All those problems and more disappeared when I started using Flexbox and writing the CSS for my layout by myself.

6. Define your colors

It's normal to have a number of primary colors for every website you build. The problem some people have with colors is they find some difficulty changing them.

I've been in many situations where my client requests to change some color 3 or 4 times; I can do it in 1 second!

The good thing is that it's very simple to do!

Just define your colors using CSS variables — your preprocessor helps you with that. I usually do it in the bootstrapping section (which we talked about earlier).

So, basically, I create a file called colors.styl and put in it almost all the colors I use in the website.

And I usually divide the file into sections, like this:

/* Primary Colors */
$dark = #081444
$light = #0064a3
$white = white

/* Layout */
$bg_color = #ffffff
$light_gray = #f0f0f0
$gray = #C0C0C0
$dark_white = #fafafa
$red = #ee3333

/* Typography */
$black = rgba(0, 0, 0, 0.8)
$dark_gray = rgba(0, 0, 0, 0.4)
$selection_color = rgba(0, 100, 163, 0.6)

Another thing I find useful doing is to define the colors with their names. For example, if I'm sure that I'll use the red color, I define a color called $red. That color shouldn't be pure red; it could be a variation of the color.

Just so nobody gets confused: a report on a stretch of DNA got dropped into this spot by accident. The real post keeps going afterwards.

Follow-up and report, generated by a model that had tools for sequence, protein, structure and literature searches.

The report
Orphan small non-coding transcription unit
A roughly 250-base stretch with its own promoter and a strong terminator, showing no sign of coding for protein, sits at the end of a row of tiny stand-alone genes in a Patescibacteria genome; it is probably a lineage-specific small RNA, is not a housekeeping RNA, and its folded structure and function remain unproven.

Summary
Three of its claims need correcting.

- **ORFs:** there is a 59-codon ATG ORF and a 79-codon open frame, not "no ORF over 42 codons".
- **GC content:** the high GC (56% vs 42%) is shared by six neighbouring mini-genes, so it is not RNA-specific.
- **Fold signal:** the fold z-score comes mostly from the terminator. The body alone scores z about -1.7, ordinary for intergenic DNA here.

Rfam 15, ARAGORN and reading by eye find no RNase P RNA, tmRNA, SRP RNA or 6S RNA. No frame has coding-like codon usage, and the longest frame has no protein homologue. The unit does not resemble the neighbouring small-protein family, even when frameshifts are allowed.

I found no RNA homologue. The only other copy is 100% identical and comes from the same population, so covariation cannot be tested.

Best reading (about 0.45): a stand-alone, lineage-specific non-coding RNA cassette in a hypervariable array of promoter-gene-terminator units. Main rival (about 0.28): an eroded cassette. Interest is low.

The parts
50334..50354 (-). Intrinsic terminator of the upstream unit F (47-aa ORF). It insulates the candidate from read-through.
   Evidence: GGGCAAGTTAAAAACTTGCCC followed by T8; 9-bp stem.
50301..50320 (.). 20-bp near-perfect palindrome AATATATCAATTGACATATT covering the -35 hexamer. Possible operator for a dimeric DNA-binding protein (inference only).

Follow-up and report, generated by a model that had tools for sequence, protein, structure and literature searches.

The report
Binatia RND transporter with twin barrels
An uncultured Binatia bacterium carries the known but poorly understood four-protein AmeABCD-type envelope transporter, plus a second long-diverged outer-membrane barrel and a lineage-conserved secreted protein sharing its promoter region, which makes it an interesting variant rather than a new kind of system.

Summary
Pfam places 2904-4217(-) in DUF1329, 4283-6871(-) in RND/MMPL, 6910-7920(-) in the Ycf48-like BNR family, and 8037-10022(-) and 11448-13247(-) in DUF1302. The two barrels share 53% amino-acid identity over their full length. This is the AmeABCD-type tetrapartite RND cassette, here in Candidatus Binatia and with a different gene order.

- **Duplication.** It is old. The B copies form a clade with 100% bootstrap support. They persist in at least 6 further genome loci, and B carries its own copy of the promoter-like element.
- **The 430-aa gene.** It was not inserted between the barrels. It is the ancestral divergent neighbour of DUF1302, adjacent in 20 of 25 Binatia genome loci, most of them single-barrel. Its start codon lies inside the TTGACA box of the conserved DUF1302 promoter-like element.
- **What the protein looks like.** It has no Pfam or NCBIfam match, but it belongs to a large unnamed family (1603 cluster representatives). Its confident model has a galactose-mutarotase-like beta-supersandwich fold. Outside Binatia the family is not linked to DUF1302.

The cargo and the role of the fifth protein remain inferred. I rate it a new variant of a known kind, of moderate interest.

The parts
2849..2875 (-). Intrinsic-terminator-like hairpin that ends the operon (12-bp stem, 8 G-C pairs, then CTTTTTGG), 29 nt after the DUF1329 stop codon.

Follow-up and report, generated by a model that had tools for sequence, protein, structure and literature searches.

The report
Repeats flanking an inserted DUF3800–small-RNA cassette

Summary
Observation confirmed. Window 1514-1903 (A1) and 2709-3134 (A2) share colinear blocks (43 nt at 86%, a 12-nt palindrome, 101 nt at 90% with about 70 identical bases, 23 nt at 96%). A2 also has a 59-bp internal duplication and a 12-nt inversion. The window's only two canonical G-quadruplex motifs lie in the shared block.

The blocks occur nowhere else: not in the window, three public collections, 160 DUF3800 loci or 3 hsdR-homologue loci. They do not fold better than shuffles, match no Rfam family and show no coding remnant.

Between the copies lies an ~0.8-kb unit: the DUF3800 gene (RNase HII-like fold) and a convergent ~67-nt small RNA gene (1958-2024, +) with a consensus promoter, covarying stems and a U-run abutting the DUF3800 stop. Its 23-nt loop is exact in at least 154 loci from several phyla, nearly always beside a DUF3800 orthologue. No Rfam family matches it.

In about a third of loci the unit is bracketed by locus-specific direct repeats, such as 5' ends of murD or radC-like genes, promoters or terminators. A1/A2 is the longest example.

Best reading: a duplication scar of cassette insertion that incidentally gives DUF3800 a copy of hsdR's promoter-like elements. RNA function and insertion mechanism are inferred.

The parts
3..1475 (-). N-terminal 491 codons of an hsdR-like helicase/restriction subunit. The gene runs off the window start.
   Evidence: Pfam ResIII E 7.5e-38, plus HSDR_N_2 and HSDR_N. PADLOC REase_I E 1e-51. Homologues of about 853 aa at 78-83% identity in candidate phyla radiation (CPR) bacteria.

7. Define your own utilities

Utility classes are those classes you define once and use on multiple elements. An example of this is a class that floats an element to the left or right. Or maybe a class that adds some shadow to an element.

It's usually pretty useful to prefix your utility classes with something like “u-” just to be able to distinguish it later.

Although they are very useful, you should be careful not to overuse them. If you overuse them, you'll end up building your own CSS framework! Which you don't want to do, because we already have tons of these — don't reinvent the wheel!

8. Dedicate a file for overrides

In some situations, you'll find yourself in a need to change some styling for a library you're using.

In those cases, it's okay to use !important.

But to make things even easier, I find it so helpful to dedicate a whole file (or multiple files) for overrides.

So for example, let's say you're using a library for syntax highlighting. And, you want to change something you don't like. Or probably you want to change a color so it matches your website's theme.

Either you create a file and call it overrides.styl, or a directory called overrides and put in it a file for each library you want to change.

Then, you'll start doing your changes either by matching their selector weight, or by using !important.

With that, you'll have a clear place for all your overrides instead of mixing things up.

In closing

Those were my 8 tips on writing clean, maintainable CSS. You may not like them all. So, choose the ones you find useful to you and feel free to change them to your taste.

What are yours? Do you have some tips that you find useful? We'll be very glad if you share them with us in the comments.

CSS
Taha Shashtari

About Taha Shashtari

I'm a freelance web developer. Laravel & VueJS are my main tools these days and I love building stuff using them. I write constantly on this blog to share my knowledge and thoughts on things related to web development... Let's be friends on twitter.